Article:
Renewable energy has been gaining popularity in the past few years as lawmakers look to ease the environmental impact of energy production. The Inflation Reduction Act directly tackles this issue by offering various incentives for energy-efficient improvements and upgrades, including:

  • Investment and Production Tax Credits – The Investment Tax Credit was extended by the Act, which provides a 30% tax credit for certain energy projects involving wind, biomass, geothermal, and other technologies through 2024. Additionally, the Production Tax Credit was altered to include energy storage.
  • Carbon Capture Tax Credit – This tax credit was also extended with the Act’s passing to include sites for which construction starts by 2032. The credit rates were also increased, reaching up to $85 per metric ton. The Act reduces the annual threshold, enabling more facilities to qualify.
  • Advanced Manufacturing Production Tax Credit – Manufacture of certain energy production equipment is now being rewarded through a credit of up to 75%. Additionally, $5.81 billion in programs were created to support industrial facilities with processes that reduce greenhouse gas emissions. This budget covers the initial purchase, installation process, and implementation of energy-intensive technology.
  • Electric Vehicle Tax Credit – This is one of the provisions that your clients may directly use as the popularity of electric vehicles grows. The Act provides an income tax credit of up to $7,500 for new electric vehicles and up to $4,000 credit for qualifying pre-owned electric vehicles. However, the electric vehicle tax credit is subject to modified adjusted gross income (MAGI) restrictions on the taxpayer. The Act made a 30% credit available for purchases of clean heavy-duty electric vehicles.
  • Energy Efficient Commercial Building Deduction – Another energy incentive in the Act concerns the reduction of energy costs a building is certified as experiencing due to energy efficiency improvements. The Act reduces the threshold from 50% to 25%. The improvements generate potential deductions of between $0.50 and $5 per square foot.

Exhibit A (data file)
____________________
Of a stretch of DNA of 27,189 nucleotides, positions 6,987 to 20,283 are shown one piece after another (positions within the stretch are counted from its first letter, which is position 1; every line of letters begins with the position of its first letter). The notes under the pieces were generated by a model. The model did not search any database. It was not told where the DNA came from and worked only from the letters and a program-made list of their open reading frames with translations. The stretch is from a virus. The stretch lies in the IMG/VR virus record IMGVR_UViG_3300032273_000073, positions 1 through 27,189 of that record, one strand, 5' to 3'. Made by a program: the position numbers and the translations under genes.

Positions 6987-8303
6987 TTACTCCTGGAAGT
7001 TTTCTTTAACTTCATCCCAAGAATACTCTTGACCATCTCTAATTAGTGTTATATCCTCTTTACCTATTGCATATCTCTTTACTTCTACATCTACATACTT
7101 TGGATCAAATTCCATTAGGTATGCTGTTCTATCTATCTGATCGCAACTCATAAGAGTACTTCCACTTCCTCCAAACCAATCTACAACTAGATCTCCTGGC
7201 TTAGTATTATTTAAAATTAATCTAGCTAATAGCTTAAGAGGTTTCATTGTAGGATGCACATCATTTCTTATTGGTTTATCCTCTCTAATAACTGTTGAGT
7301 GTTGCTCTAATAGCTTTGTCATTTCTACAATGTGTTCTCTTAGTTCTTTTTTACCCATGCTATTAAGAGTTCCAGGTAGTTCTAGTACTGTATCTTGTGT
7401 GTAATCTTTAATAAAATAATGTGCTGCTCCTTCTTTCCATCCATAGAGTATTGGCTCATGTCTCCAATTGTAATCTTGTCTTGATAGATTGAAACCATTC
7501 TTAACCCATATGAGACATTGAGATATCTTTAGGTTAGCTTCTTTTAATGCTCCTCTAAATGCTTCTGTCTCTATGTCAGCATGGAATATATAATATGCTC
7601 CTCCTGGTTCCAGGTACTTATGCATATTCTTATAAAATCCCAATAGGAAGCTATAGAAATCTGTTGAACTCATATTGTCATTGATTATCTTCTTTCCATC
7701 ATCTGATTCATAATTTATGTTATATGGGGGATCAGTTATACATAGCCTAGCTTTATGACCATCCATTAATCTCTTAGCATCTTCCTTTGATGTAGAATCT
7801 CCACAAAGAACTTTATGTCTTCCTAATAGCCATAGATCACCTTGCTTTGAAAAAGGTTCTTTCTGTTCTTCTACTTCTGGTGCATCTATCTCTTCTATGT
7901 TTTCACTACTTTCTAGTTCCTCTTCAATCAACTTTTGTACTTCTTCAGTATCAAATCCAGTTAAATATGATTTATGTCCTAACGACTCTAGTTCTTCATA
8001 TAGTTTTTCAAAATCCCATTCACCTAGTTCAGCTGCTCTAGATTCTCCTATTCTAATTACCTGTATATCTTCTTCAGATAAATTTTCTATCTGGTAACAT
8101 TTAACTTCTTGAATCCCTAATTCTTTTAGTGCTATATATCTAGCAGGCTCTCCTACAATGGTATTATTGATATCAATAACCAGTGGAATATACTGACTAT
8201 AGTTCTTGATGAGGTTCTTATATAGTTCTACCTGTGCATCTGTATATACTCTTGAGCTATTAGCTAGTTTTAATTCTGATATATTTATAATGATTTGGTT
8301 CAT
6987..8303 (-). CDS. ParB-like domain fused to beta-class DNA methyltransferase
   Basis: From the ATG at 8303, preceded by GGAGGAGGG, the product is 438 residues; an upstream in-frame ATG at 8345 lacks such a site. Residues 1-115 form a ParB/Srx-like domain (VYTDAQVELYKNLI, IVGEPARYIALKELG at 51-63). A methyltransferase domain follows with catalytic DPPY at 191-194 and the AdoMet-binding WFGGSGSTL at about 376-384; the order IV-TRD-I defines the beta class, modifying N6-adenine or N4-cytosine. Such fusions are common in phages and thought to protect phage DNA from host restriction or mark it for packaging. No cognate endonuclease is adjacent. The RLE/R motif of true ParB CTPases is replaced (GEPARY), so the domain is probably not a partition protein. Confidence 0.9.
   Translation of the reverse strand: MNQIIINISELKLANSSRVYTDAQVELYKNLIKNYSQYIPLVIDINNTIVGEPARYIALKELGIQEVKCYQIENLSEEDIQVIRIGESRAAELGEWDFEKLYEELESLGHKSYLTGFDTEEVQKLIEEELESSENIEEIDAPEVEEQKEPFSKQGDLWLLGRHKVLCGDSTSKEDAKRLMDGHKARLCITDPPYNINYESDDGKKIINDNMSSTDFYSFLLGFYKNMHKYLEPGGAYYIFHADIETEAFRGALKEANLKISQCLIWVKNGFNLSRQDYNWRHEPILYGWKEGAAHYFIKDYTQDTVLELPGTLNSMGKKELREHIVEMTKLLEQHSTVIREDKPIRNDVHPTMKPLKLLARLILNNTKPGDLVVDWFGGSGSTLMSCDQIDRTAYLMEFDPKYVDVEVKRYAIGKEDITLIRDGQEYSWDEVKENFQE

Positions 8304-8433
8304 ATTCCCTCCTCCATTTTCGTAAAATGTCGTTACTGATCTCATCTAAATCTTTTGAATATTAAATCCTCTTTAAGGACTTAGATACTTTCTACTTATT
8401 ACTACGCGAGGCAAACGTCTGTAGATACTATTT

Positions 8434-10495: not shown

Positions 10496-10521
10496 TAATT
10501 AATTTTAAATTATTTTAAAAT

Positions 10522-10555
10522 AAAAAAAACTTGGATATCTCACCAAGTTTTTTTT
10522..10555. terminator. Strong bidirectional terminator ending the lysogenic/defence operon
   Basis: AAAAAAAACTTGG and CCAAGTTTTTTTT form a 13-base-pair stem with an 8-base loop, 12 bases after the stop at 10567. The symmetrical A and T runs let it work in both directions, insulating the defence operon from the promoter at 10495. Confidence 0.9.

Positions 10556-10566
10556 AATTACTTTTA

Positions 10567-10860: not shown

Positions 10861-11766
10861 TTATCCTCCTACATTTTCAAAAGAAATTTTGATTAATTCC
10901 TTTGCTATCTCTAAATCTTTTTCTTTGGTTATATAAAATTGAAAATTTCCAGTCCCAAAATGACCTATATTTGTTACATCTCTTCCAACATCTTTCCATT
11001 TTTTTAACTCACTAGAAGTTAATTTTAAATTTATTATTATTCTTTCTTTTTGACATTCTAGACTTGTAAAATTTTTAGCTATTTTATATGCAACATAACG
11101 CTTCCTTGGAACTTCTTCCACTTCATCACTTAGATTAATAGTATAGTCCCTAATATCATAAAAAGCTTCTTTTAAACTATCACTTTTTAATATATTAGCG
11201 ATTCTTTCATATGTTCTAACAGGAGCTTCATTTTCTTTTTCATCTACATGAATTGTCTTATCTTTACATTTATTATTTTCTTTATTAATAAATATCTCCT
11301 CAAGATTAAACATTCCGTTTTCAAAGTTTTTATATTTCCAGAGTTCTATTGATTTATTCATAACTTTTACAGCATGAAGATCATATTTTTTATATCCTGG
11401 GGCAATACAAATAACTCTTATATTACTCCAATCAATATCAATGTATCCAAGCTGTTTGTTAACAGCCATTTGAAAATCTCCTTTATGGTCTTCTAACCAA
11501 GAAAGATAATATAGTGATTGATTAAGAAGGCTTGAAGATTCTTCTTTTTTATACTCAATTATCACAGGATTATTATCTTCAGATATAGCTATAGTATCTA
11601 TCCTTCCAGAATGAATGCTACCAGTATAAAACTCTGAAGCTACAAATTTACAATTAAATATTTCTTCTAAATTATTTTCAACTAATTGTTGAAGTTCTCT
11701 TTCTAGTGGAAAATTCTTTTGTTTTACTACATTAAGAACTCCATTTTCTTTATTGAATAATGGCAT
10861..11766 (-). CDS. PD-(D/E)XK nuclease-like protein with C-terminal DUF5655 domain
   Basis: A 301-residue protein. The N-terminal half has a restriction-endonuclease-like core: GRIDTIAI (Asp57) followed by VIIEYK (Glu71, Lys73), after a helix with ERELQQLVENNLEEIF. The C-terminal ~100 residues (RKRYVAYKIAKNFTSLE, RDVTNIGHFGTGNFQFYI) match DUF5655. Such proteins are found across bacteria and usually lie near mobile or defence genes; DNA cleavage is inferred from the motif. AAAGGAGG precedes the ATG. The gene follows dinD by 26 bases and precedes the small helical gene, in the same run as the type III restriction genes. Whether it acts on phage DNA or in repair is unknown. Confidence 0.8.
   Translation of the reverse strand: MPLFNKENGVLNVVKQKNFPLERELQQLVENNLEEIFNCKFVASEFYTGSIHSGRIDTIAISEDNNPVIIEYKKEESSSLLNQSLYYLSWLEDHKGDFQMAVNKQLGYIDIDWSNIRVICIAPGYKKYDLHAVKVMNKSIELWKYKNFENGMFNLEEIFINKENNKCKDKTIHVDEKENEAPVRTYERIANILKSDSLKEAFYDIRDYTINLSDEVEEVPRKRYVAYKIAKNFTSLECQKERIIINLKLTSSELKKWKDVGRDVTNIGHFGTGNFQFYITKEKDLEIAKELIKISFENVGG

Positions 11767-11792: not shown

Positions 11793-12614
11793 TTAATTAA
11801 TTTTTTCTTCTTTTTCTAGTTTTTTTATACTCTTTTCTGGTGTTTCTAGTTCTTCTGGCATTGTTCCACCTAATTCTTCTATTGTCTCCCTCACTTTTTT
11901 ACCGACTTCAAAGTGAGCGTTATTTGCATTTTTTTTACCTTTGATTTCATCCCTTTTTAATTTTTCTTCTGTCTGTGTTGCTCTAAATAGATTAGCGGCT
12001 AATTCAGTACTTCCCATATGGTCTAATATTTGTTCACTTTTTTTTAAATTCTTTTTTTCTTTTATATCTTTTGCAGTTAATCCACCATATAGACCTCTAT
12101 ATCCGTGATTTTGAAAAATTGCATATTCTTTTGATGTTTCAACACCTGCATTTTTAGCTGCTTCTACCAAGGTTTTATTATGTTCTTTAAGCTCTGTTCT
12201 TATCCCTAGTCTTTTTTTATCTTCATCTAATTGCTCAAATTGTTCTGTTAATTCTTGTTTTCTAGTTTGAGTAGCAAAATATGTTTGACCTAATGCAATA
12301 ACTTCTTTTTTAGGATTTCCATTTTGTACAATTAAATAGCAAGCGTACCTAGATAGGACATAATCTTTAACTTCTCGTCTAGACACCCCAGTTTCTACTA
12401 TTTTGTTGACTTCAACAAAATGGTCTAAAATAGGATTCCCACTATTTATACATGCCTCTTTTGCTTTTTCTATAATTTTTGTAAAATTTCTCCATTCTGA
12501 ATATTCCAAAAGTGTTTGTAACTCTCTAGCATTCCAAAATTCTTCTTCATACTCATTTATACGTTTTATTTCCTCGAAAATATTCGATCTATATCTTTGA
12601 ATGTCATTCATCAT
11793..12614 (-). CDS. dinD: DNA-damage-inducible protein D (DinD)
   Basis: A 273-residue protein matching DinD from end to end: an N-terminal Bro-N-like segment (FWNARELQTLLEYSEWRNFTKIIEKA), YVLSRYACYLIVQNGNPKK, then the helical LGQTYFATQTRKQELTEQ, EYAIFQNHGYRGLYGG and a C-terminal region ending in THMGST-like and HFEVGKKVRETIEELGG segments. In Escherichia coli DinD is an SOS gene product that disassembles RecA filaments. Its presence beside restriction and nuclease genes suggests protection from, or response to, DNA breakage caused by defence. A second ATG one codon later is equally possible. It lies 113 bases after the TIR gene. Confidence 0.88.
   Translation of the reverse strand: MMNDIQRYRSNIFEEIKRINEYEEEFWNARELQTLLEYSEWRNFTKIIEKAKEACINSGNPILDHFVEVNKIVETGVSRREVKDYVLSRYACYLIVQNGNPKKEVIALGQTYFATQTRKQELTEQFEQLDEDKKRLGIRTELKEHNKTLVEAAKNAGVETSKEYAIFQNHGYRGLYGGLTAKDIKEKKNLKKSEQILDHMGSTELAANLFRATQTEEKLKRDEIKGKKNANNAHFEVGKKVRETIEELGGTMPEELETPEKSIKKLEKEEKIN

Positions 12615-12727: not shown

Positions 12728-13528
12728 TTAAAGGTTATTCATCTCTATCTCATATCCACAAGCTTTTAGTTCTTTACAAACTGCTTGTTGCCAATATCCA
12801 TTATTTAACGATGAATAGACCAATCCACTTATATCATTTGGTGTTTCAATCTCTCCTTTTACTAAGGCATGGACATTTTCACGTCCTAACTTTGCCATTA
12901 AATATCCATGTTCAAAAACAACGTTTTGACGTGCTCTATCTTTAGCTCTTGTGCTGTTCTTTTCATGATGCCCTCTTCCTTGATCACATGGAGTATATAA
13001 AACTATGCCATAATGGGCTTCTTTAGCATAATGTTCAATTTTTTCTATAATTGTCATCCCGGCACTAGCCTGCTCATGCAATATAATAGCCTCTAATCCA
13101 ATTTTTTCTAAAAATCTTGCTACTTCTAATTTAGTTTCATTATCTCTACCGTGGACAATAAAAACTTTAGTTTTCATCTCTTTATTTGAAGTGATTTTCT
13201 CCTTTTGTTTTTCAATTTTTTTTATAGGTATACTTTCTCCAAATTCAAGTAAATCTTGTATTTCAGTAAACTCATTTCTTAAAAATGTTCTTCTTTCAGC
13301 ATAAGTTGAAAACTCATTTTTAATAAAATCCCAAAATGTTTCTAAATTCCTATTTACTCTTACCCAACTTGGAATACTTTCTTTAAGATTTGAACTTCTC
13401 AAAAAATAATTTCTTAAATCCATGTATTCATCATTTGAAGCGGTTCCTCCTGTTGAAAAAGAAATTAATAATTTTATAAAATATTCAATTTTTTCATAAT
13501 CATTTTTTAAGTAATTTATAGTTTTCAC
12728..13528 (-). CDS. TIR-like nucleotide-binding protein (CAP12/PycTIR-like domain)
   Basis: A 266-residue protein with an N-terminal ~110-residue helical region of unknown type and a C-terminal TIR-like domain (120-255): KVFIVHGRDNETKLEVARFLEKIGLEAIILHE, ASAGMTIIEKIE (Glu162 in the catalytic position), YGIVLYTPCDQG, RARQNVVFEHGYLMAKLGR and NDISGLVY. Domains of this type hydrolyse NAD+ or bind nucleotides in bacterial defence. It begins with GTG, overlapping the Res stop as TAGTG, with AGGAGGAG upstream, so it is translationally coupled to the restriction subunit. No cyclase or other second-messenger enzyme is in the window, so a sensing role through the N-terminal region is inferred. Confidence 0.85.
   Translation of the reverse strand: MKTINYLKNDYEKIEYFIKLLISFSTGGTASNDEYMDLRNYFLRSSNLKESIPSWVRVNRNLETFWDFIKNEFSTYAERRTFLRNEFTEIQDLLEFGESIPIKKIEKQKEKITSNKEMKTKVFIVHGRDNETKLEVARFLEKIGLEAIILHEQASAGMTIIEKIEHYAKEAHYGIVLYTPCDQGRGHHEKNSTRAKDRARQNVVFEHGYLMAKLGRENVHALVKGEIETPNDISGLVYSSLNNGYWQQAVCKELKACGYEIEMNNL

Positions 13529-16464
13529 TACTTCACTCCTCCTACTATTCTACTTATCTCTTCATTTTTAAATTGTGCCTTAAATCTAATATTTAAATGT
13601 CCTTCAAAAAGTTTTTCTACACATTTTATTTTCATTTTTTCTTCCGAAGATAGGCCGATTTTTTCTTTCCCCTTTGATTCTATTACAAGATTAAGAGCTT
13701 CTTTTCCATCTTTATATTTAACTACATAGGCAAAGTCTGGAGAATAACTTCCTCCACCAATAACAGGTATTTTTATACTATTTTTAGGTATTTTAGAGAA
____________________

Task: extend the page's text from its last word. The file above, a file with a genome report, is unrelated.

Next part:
• Manufacturing Grants – The Act also established a fund of $2 billion dedicated to businesses that produce electric vehicles.
  • The nonbusiness energy property credit was enhanced to provide credits for residential improvements for new windows, new doors, heat pumps, and other energy-savings items.

The different array of incentives promotes the adoption of energy-efficient initiatives by businesses and individuals. Many of your clients will begin looking into these new credits, making it important to understand the basics and limitations.


The Act provides relief for citizens using Medicare to purchase medications while providing incentives to adopt clean energy processes. The clean energy incentives include the purchase of electric vehicles, energy-efficient improvements to buildings, and improvements in energy-intensive manufacturing processes. The Act provides for new taxes on large businesses to offset the tax revenue lost due to tax credits. The IRS will develop new regulations as these provisions of the Inflation Reduction Act become law, so be sure to look for additional information in future blogs on the Illinois Tax School website.


The White House. “Fact Sheet: The Inflation Reduction Act Supports Workers and Families.” The White House, 19 Aug 2022. Accessed 26 Aug 2022.

The Senate Democratic Majority. “Summary: The Inflation Reduction Act of 2022.” The Senate Democratic Majority, 11 Aug 2022. Accessed 26 Aug 2022.

Congress.Gov. “H.R.5376 – Inflation Reduction Act of 2022.” Congress.Gov, 7 Aug 2022. Accessed 26 Aug 2022.

Forbes. “Will The Inflation Reduction Act Increase IRS Tax Audits?”. Accessed 30 Aug 2022.

By Kelly Golish,  CPA
University of Illinois Tax School
Assistant Director, Tax Materials
Kelly Golish


Disclaimer: The information referenced in Tax School’s blog is accurate at the date of publication. You may contact if you have more up-to-date, supported information and we will create an addendum.

University of Illinois Tax School is not responsible for any errors or omissions, or for the results obtained from the use of this information. All information in this site is provided “as is”, with no guarantee of completeness, accuracy, timeliness or of the results obtained from the use of this information. This blog and the information contained herein does not constitute tax client advice.